First-past-the-post voting

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First-past-the-post is a voting system used by some countries to elect their governments or the members of their parliaments. In a first-past-the-post system, a country is divided into constituencies, and in these constituencies people known as candidates, who each represent a different political party will stand for election to the country's parliament. In the individual constituencies, the candidate who gets the most votes from people, wins the race to be elected to a seat in parliament.

If a party wins over 50% of the seats, it can form a majority government. If no single party wins over 50% of the seats, then either the party with the most seats can form a minority government, or a coalition government can be formed from two or more of the other political parties who together have over 50% of the seats.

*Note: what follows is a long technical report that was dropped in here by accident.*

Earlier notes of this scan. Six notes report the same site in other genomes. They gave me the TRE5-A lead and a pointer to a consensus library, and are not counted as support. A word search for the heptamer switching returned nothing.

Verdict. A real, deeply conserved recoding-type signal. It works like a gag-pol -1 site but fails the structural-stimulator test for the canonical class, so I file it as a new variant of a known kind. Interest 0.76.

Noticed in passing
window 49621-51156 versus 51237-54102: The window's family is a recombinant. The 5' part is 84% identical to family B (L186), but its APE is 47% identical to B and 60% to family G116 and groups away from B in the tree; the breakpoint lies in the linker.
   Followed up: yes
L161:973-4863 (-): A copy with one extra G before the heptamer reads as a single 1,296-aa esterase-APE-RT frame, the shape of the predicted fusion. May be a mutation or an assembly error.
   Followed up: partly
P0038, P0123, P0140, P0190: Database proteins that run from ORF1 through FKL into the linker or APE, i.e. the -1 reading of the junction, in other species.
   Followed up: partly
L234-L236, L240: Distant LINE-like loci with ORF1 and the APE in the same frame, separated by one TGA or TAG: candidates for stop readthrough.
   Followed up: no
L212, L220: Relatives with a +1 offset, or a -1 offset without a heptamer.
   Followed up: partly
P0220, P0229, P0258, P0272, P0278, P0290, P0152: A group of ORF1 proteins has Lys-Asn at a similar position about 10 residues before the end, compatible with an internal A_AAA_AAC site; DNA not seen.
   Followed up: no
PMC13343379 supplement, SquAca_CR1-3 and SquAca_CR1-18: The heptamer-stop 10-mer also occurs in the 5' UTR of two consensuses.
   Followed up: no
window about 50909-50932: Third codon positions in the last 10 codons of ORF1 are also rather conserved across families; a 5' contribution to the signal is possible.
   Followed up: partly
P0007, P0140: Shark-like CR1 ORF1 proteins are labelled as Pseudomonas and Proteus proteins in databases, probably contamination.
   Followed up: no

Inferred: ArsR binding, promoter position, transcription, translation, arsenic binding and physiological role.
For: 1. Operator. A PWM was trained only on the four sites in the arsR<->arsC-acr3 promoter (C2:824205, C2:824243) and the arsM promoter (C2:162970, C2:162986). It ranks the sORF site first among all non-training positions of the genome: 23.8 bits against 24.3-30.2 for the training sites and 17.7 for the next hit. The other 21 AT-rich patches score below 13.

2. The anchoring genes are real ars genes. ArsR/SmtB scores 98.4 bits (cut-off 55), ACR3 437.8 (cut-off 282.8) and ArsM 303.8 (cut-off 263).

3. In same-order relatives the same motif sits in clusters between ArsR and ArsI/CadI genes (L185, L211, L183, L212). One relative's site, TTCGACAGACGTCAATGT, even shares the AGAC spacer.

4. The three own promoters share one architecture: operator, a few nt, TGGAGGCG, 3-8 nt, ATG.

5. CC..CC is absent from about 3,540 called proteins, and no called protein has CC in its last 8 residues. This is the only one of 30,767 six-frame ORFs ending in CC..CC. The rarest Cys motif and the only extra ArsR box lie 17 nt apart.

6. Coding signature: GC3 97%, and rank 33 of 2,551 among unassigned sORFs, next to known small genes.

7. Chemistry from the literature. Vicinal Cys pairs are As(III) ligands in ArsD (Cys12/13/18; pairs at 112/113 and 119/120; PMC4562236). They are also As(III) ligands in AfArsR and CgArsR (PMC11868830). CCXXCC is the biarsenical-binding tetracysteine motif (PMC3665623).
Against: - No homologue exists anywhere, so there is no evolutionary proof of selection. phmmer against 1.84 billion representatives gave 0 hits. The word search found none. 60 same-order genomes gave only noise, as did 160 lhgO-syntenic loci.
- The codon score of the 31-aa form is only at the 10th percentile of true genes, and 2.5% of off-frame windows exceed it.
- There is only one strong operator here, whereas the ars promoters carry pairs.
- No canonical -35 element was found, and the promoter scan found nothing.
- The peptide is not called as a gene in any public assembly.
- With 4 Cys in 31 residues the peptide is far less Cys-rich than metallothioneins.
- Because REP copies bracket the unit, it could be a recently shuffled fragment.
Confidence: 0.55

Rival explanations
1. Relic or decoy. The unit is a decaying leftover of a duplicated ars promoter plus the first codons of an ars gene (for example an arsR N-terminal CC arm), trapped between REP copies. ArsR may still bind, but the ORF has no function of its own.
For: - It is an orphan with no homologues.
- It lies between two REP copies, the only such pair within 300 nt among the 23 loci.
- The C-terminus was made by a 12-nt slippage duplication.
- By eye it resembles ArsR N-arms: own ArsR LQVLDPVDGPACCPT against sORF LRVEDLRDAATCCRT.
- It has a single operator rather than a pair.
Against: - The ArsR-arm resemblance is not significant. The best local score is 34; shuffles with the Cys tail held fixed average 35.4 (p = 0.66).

Countries using First-past-the-post include the United Kingdom, Canada, India and partly in the United States.

Example[change | change source]

Candidate Votes
Candidate A: 25
Candidate B: 22
Candidate C: 21
Candidate D: 18
Candidate E: 14

In a first-past-the-post system, candidate A wins because that candidate received more votes than anyone else.

Related pages[change | change source]